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Bukowski: Born Into This (John Dullaghan)


Bukowski: Born Into This (John Dullaghan)

Henry Charles Bukowski was one of the few people whose art was realized and recognized while he was still alive. The typical story is an individual impacting generations after living a life of poverty and despair, where the populous enjoys their work long after they’ve left this earth. Through Bukowski’s tenacity at writing on a daily basis while holding a job he loathed, along with his discovery by John Martin, publisher of Black Sparrow Press, he published 37 books and countless poems. Poems and stories that described life and people in a way no other had. He cut out the crap, and people loved him for it.

This week, the week of his birthday on August 16, John Dullaghan, who is also a struggling artist of a different medium, is releasing this documentary. Thankfully, he left his solid advertising career after it sent him to the emergency room with severe chest pains, and found a different calling in film. It was seven years in the making, having interviewed over 150 people in Bukowski’s life, from the women who inspired his book “Women” (one of his more controversial novels) to Sean Penn and Bono’s rendition of a night out with the writer.

On a shoestring budget and a family to support, Dullaghan paid his dues and come up with gold. Fans of Bukowski’s work know of his swaggering, alcoholic and brash nature. What many don’t know is his soft underbelly. And you see both sides in 113 minutes. Even when the man is simply explaining something, not even reading his own poetry, he still seems to be reciting life, speaking in a rhythmic tone of a poet through and through. When being interviewed by a European journalist who asked him to describe love, he replied simply, “Love is like a fog that disappears with the first daylight of reality.”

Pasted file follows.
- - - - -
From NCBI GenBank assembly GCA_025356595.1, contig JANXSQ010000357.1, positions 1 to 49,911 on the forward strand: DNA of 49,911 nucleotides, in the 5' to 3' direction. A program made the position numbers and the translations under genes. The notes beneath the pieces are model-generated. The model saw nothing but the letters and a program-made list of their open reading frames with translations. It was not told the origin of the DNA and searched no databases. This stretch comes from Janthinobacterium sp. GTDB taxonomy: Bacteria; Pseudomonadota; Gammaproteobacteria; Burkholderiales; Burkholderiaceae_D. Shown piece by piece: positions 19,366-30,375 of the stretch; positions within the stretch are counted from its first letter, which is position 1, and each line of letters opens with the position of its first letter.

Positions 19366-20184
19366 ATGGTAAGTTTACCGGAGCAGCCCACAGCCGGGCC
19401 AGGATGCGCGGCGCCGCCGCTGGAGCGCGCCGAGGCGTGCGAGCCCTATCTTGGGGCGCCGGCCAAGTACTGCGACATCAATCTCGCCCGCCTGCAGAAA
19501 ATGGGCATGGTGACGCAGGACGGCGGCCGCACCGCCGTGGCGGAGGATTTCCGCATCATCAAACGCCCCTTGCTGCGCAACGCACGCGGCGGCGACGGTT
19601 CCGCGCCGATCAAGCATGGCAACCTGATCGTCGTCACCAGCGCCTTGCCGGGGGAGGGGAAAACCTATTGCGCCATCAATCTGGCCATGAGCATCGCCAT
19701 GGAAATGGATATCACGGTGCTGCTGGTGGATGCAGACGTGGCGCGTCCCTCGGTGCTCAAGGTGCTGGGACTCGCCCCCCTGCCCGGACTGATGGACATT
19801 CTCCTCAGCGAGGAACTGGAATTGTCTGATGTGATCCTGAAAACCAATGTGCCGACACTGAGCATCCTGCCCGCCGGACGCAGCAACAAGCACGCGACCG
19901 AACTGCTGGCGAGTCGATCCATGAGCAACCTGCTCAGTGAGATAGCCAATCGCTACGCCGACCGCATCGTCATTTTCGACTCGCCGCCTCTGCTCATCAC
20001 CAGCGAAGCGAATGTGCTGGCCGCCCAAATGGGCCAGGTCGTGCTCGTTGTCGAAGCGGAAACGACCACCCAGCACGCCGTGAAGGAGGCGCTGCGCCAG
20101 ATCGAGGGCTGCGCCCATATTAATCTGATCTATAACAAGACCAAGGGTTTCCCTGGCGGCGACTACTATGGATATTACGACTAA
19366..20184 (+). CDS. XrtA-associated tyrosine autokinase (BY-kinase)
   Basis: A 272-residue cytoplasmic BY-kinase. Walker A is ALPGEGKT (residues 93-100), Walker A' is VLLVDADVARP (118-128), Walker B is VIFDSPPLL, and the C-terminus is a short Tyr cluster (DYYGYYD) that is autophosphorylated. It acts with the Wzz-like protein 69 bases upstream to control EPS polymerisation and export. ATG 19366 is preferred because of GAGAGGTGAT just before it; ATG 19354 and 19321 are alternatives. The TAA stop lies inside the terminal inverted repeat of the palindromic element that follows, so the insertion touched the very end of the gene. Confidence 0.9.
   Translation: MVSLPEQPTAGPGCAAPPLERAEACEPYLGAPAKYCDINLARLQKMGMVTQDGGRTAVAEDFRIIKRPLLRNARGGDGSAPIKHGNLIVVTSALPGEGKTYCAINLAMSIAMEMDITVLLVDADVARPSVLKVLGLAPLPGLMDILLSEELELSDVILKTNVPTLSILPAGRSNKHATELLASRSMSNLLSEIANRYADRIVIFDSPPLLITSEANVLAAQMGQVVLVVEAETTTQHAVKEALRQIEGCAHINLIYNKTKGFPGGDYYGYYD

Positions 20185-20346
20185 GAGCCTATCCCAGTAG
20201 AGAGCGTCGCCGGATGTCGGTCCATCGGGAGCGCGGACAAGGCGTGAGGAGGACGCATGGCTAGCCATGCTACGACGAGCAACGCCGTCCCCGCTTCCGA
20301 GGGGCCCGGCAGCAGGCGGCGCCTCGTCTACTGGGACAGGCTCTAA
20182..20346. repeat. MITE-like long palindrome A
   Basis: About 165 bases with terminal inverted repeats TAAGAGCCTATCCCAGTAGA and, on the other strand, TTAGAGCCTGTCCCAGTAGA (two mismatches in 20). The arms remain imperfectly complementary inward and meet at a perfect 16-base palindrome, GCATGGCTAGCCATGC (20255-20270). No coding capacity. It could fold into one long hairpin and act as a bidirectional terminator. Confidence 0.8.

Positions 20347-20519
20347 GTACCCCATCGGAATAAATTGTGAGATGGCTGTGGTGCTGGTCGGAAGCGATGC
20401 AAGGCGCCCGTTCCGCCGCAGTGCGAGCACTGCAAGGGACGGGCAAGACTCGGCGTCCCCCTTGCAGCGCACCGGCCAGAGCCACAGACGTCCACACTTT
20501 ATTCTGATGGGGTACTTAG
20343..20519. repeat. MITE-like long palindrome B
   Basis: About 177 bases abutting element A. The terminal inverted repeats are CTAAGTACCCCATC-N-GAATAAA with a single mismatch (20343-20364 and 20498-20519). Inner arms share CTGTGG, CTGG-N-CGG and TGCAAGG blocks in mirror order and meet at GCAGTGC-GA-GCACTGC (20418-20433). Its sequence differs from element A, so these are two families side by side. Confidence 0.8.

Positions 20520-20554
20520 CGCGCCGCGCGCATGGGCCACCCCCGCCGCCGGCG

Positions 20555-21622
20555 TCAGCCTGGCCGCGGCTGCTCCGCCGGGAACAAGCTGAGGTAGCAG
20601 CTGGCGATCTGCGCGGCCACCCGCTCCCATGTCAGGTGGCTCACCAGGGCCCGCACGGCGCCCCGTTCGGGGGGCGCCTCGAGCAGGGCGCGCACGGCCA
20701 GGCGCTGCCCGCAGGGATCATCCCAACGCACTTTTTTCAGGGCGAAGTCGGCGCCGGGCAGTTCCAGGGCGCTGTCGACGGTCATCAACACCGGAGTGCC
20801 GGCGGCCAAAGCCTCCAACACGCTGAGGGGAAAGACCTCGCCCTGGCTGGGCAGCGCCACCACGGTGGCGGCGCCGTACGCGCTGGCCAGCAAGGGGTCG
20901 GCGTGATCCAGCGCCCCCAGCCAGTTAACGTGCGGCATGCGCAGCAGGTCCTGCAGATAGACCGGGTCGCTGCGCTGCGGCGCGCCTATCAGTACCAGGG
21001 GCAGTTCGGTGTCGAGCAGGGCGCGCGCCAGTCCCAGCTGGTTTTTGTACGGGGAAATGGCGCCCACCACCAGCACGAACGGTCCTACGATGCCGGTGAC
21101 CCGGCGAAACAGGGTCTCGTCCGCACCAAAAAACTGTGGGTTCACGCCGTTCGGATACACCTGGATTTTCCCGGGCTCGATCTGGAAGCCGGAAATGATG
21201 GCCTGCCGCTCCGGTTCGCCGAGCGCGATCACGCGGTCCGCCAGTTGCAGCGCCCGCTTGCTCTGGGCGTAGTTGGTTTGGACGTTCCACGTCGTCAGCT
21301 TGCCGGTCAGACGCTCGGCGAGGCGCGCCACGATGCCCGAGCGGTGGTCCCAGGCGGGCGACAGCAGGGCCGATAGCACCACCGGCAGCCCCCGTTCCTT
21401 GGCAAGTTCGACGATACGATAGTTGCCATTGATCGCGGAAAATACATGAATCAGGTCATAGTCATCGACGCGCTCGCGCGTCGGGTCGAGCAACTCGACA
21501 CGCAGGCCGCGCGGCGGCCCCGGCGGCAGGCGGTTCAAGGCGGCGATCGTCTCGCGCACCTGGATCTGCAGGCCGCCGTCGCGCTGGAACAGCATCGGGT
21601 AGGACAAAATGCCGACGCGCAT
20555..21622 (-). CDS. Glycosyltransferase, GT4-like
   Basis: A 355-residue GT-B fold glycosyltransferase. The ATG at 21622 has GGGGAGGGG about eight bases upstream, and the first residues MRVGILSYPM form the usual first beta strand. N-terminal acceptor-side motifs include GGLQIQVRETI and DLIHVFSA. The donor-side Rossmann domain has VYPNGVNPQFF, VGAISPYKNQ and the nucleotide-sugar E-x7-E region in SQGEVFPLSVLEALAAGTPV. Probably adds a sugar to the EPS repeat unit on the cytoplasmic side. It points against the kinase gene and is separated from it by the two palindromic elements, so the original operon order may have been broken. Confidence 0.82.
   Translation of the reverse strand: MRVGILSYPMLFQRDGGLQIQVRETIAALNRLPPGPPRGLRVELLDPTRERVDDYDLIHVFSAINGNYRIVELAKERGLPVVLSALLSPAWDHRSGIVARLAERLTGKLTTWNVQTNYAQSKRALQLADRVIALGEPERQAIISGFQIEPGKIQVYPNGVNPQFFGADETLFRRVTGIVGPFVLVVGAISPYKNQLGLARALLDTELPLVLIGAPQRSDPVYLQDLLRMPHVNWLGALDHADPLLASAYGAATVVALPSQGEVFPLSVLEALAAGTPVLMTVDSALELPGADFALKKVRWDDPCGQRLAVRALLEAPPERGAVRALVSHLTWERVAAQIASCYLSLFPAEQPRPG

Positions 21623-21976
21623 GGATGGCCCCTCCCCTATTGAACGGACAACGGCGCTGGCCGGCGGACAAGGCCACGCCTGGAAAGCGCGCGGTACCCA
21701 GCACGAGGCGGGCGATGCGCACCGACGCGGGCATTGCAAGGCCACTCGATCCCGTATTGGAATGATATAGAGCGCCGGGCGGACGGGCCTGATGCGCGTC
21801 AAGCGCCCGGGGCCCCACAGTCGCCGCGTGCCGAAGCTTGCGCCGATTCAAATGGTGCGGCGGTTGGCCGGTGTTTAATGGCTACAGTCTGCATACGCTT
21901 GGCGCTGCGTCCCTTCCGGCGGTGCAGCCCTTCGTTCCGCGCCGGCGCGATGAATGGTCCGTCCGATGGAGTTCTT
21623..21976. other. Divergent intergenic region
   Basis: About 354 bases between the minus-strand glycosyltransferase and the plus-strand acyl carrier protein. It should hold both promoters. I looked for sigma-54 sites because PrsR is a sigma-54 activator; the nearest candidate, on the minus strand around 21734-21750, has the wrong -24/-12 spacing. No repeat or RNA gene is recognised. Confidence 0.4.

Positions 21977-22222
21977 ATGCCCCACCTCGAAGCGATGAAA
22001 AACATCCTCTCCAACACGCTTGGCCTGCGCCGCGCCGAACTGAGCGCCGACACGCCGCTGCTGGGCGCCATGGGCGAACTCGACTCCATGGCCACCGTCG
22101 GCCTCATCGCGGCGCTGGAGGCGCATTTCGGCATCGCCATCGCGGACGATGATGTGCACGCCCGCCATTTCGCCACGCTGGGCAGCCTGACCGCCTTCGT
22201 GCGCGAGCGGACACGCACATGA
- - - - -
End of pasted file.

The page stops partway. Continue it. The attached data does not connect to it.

You see his heart, what he seems to call his “bluebird” that stays safe and tucked in. Having a beat ridden childhood, he seems almost grateful for getting the penchant for bullshit kicked right out of him. That enabled him to write the way he did.

The inspiration for his novel “Hollywood” came after writing the screenplay for the movie Barfly, which was supposed to model the earlier part of his life. Bukowski got to experience and witness this other world that drowns in ignorance and greed, typically suffocating any level of real art. In contrast, he himself would have been content with a menial living doing anything to pay the bills as long as his typewriter was there for him everyday. And it wasn’t until John Martin came along did he ever consider making an actual living off his writing.

Dullaghan uses subtle ways to subtly represent personality traits of Bukowski, even in the use of subtitles with hand written edits that mimic the writer’s own editing style.

In the end, after all the sacrifices (which he never saw as sacrifices, just life experiences that were aggravating), and after all the pain of his childhood, he was content. And the bluebird was free.

Bukowski: Born Into This is playing exclusively at Starz Filmcenter in Denver


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